Michael Gorman, Ph.D.
Original Publication Date
Through the analysis of data pooled from multiple studies, we identify the relationship between participation in athletics and the likelihood of developing a mental illness or brain injury and how this may impact the longevity of an athlete’s career. Using data from various studies, we find that the prolonged exposure to athletics results in a higher likelihood of developing a psychological or neurological illness both in the short and long term. Additionally, we find that this is often the result of accumulated injuries, both neurological, such as concussions, and physiological, such as tearing muscles or breaking bones. The results, however, suggest that youth, high school, collegiate, and professional athletes, alike, are more likely to experience sports-related depression or anxiety, misuse prescription drugs or develop addiction, or suffer from diseases such as chronic traumatic encephalopathy, all of which are actually unlikely to impact the length of their careers.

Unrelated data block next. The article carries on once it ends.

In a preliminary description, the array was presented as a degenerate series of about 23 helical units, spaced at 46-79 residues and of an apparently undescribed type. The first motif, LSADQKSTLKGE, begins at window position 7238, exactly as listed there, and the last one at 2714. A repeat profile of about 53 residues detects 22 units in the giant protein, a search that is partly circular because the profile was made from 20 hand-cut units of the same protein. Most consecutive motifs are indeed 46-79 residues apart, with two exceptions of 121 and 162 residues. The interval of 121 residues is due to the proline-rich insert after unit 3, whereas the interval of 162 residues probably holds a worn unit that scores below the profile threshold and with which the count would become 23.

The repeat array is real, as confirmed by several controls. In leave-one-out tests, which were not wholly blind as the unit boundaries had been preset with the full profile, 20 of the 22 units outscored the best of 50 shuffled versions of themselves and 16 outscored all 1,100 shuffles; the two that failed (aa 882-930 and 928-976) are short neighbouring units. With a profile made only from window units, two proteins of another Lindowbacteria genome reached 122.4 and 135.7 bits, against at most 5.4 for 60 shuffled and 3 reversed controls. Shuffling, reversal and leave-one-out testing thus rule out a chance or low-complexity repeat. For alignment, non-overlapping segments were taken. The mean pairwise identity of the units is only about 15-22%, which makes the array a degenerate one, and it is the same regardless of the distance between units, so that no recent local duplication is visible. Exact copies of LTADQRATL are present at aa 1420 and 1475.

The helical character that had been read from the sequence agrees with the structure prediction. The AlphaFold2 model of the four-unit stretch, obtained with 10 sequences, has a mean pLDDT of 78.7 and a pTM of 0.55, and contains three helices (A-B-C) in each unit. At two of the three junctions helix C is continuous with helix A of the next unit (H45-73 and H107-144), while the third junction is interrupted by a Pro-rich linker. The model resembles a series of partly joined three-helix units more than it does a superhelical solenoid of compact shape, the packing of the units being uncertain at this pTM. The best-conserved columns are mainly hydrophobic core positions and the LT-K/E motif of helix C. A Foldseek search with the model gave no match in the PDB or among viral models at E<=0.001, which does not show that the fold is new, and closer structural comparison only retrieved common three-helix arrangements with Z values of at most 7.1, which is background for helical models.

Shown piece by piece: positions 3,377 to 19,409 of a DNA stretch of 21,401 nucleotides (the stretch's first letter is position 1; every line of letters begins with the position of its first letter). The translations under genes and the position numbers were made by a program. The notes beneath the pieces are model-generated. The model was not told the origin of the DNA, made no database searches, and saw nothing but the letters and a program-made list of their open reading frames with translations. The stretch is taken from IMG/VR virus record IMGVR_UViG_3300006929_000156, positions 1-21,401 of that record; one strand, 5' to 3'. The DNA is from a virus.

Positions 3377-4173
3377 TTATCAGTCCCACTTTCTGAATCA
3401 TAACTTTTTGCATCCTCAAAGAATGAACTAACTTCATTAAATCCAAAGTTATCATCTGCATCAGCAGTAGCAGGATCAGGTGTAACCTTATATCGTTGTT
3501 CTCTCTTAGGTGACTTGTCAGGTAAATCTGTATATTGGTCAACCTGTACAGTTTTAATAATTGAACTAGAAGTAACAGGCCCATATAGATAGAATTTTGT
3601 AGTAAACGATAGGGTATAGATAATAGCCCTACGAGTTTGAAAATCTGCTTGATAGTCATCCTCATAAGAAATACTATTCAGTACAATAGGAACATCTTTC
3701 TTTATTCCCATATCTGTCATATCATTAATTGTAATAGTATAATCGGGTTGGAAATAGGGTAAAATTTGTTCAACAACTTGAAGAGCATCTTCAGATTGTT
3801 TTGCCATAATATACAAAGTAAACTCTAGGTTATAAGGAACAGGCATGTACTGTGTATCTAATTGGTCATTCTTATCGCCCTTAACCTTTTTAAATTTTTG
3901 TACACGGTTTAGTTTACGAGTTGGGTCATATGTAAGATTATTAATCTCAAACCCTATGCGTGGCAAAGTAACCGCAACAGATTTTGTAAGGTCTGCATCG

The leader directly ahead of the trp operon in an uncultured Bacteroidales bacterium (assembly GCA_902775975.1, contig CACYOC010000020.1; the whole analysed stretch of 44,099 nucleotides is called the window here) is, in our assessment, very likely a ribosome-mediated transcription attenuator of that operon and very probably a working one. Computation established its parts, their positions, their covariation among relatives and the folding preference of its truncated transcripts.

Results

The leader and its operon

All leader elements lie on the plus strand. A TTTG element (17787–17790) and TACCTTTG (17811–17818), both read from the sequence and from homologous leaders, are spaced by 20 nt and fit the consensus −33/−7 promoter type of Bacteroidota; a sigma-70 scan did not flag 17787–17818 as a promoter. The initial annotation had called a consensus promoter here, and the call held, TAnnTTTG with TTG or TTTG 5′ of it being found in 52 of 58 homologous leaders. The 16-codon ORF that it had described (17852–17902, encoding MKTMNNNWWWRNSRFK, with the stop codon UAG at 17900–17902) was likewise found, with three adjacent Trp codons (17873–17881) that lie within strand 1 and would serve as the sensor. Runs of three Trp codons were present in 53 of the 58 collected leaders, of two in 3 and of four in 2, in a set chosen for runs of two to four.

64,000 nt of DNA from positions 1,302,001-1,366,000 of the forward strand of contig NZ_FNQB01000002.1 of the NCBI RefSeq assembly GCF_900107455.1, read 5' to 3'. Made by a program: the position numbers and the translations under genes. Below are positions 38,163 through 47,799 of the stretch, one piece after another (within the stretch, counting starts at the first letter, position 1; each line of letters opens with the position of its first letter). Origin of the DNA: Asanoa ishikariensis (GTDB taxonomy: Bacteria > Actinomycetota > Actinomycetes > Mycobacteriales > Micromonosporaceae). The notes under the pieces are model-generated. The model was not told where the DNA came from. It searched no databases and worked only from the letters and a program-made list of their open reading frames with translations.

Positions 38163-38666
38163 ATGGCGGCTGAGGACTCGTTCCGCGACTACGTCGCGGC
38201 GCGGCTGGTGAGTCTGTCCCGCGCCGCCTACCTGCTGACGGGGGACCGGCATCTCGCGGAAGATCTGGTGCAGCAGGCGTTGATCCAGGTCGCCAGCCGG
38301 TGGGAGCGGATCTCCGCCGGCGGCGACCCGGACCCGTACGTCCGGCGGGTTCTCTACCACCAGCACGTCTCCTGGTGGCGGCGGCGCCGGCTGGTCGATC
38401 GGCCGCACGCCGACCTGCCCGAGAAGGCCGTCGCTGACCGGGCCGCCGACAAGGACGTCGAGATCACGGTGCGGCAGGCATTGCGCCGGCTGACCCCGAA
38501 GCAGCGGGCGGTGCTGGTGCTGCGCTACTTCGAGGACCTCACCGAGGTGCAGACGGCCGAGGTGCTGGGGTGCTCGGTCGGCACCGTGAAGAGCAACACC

Burke, Sean, "The Impact of Participation in Athletics on Neurological and Psychological Health and the Ability to Compete" (2019). Writing Across the Curriculum. 40.
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